January 25

The Outlaw Waylon Jennings’ Good Hearted Woman

Good Hearted Woman is a single and an album by Waylon Jennings that RCA Records released in 1972. At first, Jennings released a solo version of “Good Hearted Woman”. However, his duet with Nelson rocketed to No. 1. Apart from that, the song won the CMA for Single of the Year in 1976 and even became a minor pop hit. The song “Good Hearted Woman” is part of every Top 100 Country Songs. In addition, some list this as perhaps the greatest duet of all time.

Jennings’ Fight and Victory for “Good Hearted Woman”

Jennings’ inspiration in writing the song came from an announcement. When he saw the newspaper advertisement promoting Tina Turner as a “good hearted woman loving a two-timing man”, he got the idea.

Along with Ladies Love Outlaws (late 1972) and Lonesome, On’ry and Mean (early 1973), Good Hearted Woman changed Jennings. Waylon Jennings became one of the representatives of the outlaw country movement. The LP (long play) contains a slew of songs that Willie Nelson, Tony Joe White, and Kris Kristofferson wrote. These likeminded songwriters’ compositions were pushing the boundaries of the conservative country music establishment. At that time, Jennings had gotten frustrations from the assembly line production at RCA for years. He became the most powerful voice in the change which they called “progressive country” music.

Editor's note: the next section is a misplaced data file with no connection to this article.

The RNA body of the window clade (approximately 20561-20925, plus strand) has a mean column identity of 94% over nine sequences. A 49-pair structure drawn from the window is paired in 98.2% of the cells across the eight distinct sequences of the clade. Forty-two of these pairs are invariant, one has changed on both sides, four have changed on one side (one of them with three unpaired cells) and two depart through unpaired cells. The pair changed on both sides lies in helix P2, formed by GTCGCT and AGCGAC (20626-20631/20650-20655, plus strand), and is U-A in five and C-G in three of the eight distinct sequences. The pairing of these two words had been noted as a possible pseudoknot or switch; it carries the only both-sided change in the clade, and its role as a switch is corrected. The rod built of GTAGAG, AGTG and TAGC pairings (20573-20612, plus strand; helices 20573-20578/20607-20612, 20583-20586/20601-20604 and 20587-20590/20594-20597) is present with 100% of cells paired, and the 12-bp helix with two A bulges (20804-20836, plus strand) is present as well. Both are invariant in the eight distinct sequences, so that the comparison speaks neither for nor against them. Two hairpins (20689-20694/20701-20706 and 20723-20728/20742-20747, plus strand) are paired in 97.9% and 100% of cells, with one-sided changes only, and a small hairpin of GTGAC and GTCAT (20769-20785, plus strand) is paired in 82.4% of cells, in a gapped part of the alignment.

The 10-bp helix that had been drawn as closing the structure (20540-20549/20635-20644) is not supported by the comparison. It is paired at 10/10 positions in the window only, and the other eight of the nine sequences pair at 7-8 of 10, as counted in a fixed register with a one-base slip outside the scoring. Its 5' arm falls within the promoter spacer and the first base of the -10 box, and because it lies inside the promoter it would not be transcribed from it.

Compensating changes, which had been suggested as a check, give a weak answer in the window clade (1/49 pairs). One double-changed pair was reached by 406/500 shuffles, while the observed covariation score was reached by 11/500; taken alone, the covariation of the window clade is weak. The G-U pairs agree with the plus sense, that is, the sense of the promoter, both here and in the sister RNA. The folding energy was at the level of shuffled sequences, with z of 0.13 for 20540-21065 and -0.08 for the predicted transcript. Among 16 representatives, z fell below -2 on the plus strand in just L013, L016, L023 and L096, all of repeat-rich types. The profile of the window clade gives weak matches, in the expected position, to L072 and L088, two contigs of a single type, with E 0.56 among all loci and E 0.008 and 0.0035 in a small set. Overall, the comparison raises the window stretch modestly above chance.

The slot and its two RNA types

In the audio version of his Waylon: An Autobiography, the singer recounted his frustrations. He said that he would think of ideas. Before he got a chance to put them down, they would tell him he was wrong.  As an answer, he asked back what they meant by ‘It’s wrong’.  He explained further that it would make the record skip if they put the big drum beat on it. He also added that they did not understand the rhythm, that they had to smooth it out or the radio would never play the song. The best reason Jennings gave was ‘It’s not country’. Lastly, Jennings frankly said that he always hated labels and that they kept trying to stick one on him.


Every time one listens to Waylon Jennings’ and Willie Nelson’s comeback after the key change in Good Hearted Woman, it will send shivers up one’s spine.  They performed this song many times together in the past.


good hearted woman, Outlaw, Waylon Jennings, Willie Nelson

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